Reinventing Dell, HP and Cisco

, and : three IT giants trying to reinvent themselves, and three events to showcase their progress so far. I’ll be on the road for the next few weeks, attending: Dell Enterprise Innovation Day, Austin, Texas, May 28-29; HP Discover 2015, Las Vegas, Nevada, June 2-4; and Cisco Live, San Diego, California, June 7-11.

Almost 18 months into its return to being a privately held company, Dell’s success must be measured by company statements and industry metrics in key markets like PCs, servers and storage. Michael Dell, who took his $57-billion (2013) company private for $25 billion (75% of it; the rest going to private equity firm Silver Lake) in October 29, 2013, said he didn’t care for a life under the eyes of Wall Street. “Been there, done that.”

Dell wants to offer complete IT solutions, products and services, but at lower prices than his competitors, primarily IBM and HP, and increasingly, Cisco. Not the lowest price, just a better price than his bigger competitors, a strategy that powered the company’s success in PCs and servers, back before the commodity wars broke out.

The approaching HP makeover has three objectives, according to Technology Business Research: abandon the conglomerate strategy; enable two very different businesses to find their own ways; and make it easier to partner, merge or even potentially sell one business or the other. Potential buyers of one of the more manageably-priced offspring include Dell, Cisco, IBM or EMC.

Along with PCs, printers will make up one half of the upcoming corporate makeover, and will become HP Inc., $57.2 billion in revenues, $5.4 billion operating profits, 9.4% margins and 1.7% growth in the trailing 12-months after 2Q13. The other half, Hewlett-Packard Enterprise (HPE), is a $58.4 billion enterprise-focused servers, services, software and cloud company, with $6 billion operating profits, 10.2% margins and a slightly more anemic 0.4% growth.

Then there’s Cisco, networking’s 800-pound gorilla, which has had recent success in datacenter servers, and expects more with the advent of the Internet of Things (AKA Internet of Everything). At December’s 2014 Global Editors Conference, John Chambers said Cisco is “moving more and more to be a software company”, as well as “more and more a services company”.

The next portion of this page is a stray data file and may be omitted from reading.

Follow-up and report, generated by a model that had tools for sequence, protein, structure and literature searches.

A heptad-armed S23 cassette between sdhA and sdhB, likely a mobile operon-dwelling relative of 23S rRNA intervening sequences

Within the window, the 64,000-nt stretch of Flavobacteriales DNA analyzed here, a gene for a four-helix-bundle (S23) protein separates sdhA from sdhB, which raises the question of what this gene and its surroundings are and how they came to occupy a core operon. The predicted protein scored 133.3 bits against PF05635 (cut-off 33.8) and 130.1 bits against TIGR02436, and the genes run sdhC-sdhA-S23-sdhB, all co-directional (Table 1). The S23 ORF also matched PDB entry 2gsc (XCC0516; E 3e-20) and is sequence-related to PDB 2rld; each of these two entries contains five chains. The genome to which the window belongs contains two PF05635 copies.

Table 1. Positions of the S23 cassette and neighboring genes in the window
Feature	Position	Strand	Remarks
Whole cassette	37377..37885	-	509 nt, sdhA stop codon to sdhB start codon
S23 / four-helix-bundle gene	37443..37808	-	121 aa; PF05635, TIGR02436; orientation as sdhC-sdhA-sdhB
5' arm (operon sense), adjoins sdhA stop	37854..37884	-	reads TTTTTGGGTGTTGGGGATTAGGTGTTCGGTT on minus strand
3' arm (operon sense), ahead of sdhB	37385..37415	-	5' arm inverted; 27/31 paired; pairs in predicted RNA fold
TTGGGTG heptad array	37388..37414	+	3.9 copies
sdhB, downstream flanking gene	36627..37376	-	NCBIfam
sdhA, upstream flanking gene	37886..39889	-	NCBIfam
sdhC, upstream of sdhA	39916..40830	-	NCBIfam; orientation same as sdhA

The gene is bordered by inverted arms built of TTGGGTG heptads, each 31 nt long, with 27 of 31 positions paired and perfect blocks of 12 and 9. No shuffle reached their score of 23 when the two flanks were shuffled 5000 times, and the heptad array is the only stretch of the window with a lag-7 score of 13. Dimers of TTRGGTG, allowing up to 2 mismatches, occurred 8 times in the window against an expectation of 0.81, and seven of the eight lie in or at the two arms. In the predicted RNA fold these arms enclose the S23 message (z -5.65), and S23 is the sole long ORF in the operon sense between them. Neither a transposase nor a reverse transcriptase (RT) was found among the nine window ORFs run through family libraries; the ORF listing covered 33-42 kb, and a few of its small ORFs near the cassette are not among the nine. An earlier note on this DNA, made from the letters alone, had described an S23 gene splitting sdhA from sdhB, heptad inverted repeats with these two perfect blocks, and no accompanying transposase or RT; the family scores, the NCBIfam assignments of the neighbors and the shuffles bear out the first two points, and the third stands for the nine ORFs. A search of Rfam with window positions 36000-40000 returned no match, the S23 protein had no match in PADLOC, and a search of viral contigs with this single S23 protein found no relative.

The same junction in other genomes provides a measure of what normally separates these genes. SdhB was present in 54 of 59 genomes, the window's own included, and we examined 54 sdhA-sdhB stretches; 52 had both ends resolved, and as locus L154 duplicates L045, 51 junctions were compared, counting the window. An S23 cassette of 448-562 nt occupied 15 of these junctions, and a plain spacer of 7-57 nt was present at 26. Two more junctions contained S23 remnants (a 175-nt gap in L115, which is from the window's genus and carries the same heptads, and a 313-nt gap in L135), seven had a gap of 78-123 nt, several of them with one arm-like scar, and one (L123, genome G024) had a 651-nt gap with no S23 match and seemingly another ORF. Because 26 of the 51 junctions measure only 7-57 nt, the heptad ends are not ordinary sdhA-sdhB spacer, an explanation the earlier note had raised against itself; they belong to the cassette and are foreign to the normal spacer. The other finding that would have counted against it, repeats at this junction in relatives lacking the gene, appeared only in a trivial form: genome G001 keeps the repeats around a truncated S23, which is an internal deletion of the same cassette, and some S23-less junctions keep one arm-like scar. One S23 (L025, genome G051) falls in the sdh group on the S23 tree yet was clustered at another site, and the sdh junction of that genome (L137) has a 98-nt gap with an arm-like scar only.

He said the company made a big push on security 18 months ago, and 12 months ago it was collaboration; and now its data and analytics. “We aren’t there yet, but boy, this is one big step.”

The “big step” was Cisco Connected Analytics for the Internet of Everything, a ‘comprehensive data and analytics strategy and solutions portfolio’. Chambers said data analytics was “the one area we were missing”, and combining it with IoE is intended to position the company for a big chunk of the $19 trillion IoE market expected to be available during the next 10 years. Which is not to say that connecting 50 billion things – “on its way to 500 billion” (Chambers) – isn’t good news for either the networking or data center infrastructure portions of Cisco’s not-so-little ($47.1 billion FY14) IT kingdom.

So where do are three amigos go from here? There’s no love lost between Dell and HP. When Dell was engaged in a bitter battle to go private, HP said its archrival had “a very tough road ahead,” and said that it would “take full advantage” of the opportunity presented by the disruption to Dell’s business. A year later HP CEO Meg Whitman said Dell’s failure to follow through on a pledge to turn over 200,000 accounts to channel partners is the kiss of death.”

Dell’s turn to return the love came when HP announced it planned to split its company into PC/printer and enterprise businesses this coming November. Dell CFO Thomas Sweet said the planned split up could create confusion among its business clients, giving his company an opportunity to grab market share. “The confusion and uncertainty creates opportunity,” he said. This follows Michael Dell’s comments that HP would be distracted by the split and there would be “chaos” in the separation.

Similarly, HP and Cisco, once BFFs, had a major falling out in 2009 when Cisco announced it was entering the server market. Since then, its Unified Computing Systems have been growing at 30% a year. That’s pretty impressive when server shipment growth for the most recent reported quarter (Q4 2014) saw year-over-year growth of 4.8%, and just 2.2% for the year.

HP has been pushing back, with server innovations like Moonshot and the air-cooled Apollo 6000, and water-cooled Apollo 8000 series, and a major push in Cisco’s bread-and-butter networking space. Last month HP announced its latest set of new Cisco killers, this time for the campus networking market.

While still far behind Cisco in the networking market, HP has been riding the software defined networking bandwagon, hoping it proves to be Cisco’s kryptonite. A recent Infonetics study showed that 72% of North American businesses plan to have SDN live in the LAN by 2017.

HP and Cisco – along with Juniper, Microsoft and VMware – were identified as the top 5 SDN vendors. Infonetics also reported that the Data Center and Enterprise SDN market soared 192% in one year.

These are three big organizations, with big dreams, and big challenges ahead of them. They also all have big opportunities in such huge growth markets as SDN, analytics, and IoT. And while the margins will never be what they used to be, servers, storage, networking and devices will continue to generate billions of dollars of revenue annually, and Dell, HP and Cisco plan to continue to take more than their fair share.

DISCLAIMER: I will be attending these events courtesy of Dell, HP and Cisco.

Author: Steve Wexler

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